write_destination();
    	close_destination();
    	cout << "Program complete.\n";
    	system("pause");
    }
    is the coding, it needs to allow the user to input a value in which to ampify by and work this out. and say error if its above the max number of smaples and also allow them to normalise the sound.

    I am new to this and dont know where to begin any help would be appreciated thanks.

  2. #2
    and the Hat of Guessing tabstop's Avatar
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    You need to write code that will amplify the sound by an integer value, and write code that will normalize the sound level. The part you posted hints that you were told how to do these things later in your assignment, so theoretically you should know what those words mean, specifically for this program. Then you add the code to the process_sound function, after printing out some sort of menu and letting the user pick. The data you need will be found in the sound_data array.

  3. #3
    and the hat of wrongness Salem's Avatar
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    Perhaps start with an amplification value of 1, which should merely result in the output being identical to the input.
    If you dance barefoot on the broken glass of undefined behaviour, you've got to expect the occasional cut.
    If at first you don't succeed, try writing your phone number on the exam paper.
    I support http://www.ukip.org/ as the first necessary step to a free Europe.

  4. #4
    spurious conceit MK27's Avatar
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    // Reads 44100 samples from a 16 bit raw PCM audio file (not a wave file)
    A .wav is the same thing as a raw PCM file, just it has a header tacked on. And in fact, "a raw pcm file" is not a standardized format, since there are a number of variables:
    -number of channels (eg, mono = 1, stereo = 2)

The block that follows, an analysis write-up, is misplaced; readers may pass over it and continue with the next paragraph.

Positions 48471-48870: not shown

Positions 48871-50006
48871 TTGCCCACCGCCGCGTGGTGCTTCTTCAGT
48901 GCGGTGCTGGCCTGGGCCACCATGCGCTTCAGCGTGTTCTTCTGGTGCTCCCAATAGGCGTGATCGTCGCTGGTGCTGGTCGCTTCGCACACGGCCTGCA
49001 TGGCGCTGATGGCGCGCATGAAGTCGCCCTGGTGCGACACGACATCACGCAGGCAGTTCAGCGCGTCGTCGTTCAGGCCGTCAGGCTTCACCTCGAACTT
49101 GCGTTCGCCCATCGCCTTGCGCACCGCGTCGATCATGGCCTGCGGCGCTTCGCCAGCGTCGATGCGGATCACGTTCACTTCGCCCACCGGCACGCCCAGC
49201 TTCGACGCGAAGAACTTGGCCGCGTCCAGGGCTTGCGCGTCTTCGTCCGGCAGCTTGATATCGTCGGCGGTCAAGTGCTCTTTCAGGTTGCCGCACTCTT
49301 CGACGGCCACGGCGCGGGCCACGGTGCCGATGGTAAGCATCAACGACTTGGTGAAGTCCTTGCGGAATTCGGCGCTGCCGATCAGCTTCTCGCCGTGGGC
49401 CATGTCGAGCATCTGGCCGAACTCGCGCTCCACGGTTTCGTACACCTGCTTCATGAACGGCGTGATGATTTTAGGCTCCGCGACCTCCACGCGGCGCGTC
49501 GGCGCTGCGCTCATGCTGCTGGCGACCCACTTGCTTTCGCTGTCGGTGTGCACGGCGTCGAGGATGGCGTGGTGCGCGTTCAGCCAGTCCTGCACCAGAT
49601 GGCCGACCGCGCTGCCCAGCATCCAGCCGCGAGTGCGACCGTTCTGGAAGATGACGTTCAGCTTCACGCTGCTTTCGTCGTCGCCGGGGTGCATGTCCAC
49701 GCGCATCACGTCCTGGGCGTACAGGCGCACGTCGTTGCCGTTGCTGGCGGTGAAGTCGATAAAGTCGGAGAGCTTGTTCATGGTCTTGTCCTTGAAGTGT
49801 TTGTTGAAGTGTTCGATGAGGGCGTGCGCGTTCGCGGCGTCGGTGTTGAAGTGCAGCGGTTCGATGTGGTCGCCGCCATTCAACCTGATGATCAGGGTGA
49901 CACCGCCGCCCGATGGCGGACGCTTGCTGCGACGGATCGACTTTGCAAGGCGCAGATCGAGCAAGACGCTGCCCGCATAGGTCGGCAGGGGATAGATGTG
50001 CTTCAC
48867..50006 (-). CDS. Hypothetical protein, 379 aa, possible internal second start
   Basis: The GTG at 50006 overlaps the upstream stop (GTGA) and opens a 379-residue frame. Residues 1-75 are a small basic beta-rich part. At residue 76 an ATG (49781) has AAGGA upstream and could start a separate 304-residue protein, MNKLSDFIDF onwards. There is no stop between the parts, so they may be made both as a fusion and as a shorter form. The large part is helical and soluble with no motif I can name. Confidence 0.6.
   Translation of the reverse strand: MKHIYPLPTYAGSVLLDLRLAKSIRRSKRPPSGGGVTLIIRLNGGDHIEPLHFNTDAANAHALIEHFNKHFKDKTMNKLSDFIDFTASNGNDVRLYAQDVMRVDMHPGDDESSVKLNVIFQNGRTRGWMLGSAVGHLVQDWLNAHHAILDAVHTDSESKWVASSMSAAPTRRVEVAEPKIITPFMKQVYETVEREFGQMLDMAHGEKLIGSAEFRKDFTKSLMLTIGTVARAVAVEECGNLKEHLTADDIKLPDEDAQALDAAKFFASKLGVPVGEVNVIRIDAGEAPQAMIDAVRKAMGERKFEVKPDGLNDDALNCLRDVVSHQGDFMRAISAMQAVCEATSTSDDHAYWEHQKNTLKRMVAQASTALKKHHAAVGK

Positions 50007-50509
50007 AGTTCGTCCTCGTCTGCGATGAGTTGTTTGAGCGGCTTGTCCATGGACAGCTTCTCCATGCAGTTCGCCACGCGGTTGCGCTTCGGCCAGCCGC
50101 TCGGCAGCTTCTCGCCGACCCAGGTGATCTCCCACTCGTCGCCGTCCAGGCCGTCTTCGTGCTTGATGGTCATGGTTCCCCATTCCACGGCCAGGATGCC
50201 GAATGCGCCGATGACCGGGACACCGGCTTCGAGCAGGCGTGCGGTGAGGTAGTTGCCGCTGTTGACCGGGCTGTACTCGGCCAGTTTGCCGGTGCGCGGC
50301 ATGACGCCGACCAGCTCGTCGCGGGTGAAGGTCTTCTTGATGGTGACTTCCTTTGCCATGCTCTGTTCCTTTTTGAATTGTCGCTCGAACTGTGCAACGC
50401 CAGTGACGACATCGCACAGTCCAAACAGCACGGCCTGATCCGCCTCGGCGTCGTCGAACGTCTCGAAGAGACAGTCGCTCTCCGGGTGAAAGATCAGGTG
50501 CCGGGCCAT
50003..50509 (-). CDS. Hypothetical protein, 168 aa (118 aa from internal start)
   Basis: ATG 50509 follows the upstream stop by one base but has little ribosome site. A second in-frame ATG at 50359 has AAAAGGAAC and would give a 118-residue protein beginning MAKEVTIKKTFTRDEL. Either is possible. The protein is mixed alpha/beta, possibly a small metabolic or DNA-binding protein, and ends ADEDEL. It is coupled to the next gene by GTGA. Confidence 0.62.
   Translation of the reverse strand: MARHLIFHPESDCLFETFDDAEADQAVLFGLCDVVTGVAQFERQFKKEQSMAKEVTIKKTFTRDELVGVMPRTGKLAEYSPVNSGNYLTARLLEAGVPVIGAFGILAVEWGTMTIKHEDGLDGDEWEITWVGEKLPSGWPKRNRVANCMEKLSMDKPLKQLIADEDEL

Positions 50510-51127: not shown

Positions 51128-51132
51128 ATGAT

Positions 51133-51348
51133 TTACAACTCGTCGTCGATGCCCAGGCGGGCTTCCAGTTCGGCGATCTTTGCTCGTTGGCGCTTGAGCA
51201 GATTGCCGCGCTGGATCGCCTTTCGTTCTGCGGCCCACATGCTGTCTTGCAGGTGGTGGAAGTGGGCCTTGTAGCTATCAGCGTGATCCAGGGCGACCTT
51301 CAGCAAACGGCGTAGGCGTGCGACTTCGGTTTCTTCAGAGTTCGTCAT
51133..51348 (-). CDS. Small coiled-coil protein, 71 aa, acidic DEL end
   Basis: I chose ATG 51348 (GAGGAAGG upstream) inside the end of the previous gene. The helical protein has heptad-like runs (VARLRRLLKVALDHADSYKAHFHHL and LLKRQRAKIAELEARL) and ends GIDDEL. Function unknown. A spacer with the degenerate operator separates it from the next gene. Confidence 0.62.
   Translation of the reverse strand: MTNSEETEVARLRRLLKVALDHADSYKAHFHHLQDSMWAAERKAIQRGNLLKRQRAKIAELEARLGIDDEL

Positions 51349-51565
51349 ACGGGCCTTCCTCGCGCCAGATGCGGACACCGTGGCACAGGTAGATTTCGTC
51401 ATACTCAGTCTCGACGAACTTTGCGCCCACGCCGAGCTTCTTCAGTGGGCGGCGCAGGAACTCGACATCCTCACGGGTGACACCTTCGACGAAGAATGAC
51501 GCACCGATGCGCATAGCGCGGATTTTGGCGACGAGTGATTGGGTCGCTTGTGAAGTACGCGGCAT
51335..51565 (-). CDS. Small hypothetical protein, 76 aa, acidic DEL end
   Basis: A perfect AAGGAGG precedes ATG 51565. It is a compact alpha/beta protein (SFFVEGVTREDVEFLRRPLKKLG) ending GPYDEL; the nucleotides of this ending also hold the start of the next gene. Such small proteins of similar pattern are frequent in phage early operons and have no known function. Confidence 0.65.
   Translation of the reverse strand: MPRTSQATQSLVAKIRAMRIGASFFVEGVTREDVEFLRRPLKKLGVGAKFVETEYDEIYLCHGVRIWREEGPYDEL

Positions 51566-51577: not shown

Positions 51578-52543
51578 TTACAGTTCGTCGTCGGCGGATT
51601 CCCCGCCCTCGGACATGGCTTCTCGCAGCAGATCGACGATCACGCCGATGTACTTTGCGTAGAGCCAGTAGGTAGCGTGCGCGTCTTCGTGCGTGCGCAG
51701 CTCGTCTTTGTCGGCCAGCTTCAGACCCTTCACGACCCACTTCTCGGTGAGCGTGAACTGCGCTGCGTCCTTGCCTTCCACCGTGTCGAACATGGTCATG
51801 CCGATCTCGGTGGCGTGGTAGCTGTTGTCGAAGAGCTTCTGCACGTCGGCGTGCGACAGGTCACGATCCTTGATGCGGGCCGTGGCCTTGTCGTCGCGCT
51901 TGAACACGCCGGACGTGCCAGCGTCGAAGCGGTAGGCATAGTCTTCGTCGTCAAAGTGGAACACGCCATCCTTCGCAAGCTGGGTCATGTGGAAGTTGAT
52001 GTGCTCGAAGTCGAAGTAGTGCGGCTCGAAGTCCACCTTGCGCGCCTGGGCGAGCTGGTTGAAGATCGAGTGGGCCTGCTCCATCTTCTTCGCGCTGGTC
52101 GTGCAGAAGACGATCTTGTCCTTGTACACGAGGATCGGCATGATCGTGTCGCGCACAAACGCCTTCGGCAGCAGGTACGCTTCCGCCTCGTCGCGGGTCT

-sampling rate ("assuming samples are 16 bit")
    -sample size
    which is why .wavs have headers (they contain that information).

    Anyway, there are libraries to do this, but I imagine that you are not suppose to do that (if you are, it may be somewhat easier).

    The FIRST thing you need to do is read up on the pcm format and get an understanding of exactly how the data is organized. I can't remember where I learnt all this stuff*, but here is a decent page to start with:

    Tutorial - Basics - Part 1 - Digital Audio

    Generally it is in interlaced segments. Interlacing is where you have two separate streams of data, eg, AAAAAAA and BBBBBB, that need to be processed synchronously (such as sound channels), and to help facilitate that, the data will be packed:
    ABABABABAB

    * probably from library documentation, but this may not be so good if you can't use a library because it means learning the API as well
    Last edited by MK27; 05-03-2010 at 10:25 AM.
    C programming resources:
    GNU C Function and Macro Index -- glibc reference manual
    The C Book -- nice online learner guide
    Current ISO draft standard
    CCAN -- new CPAN like open source library repository
    3 (different) GNU debugger tutorials: #1 -- #2 -- #3
    cpwiki -- our wiki on sourceforge

  5. #5
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    A quick note about the math - to Amplify you just multiply values, though why you would use an integer for this is beyond me - and to normalize, well the max value in 16 bits is 65535, assuming 0 is at 32768 you can go through the whole file looking for the largest Abs(DataValue-32768) and then using signed math multiply all values by the factor that will expand them to the range of 0-65535.
    Hope this helps, and I don't mind telling, since your course sounds program orientated, and not based in sound science.
    EDIT: When doing the amplify multiply, you might want to check for values outside of the 16 bit range, and do some adjustment to them to keep them in-line, anymore help and I'd be practically doing this for you...
    And don't forget to comment - you might get more marks for well commented code that doesn't work than for uncommented code that does
    Last edited by feeder74; 05-03-2010 at 11:37 PM.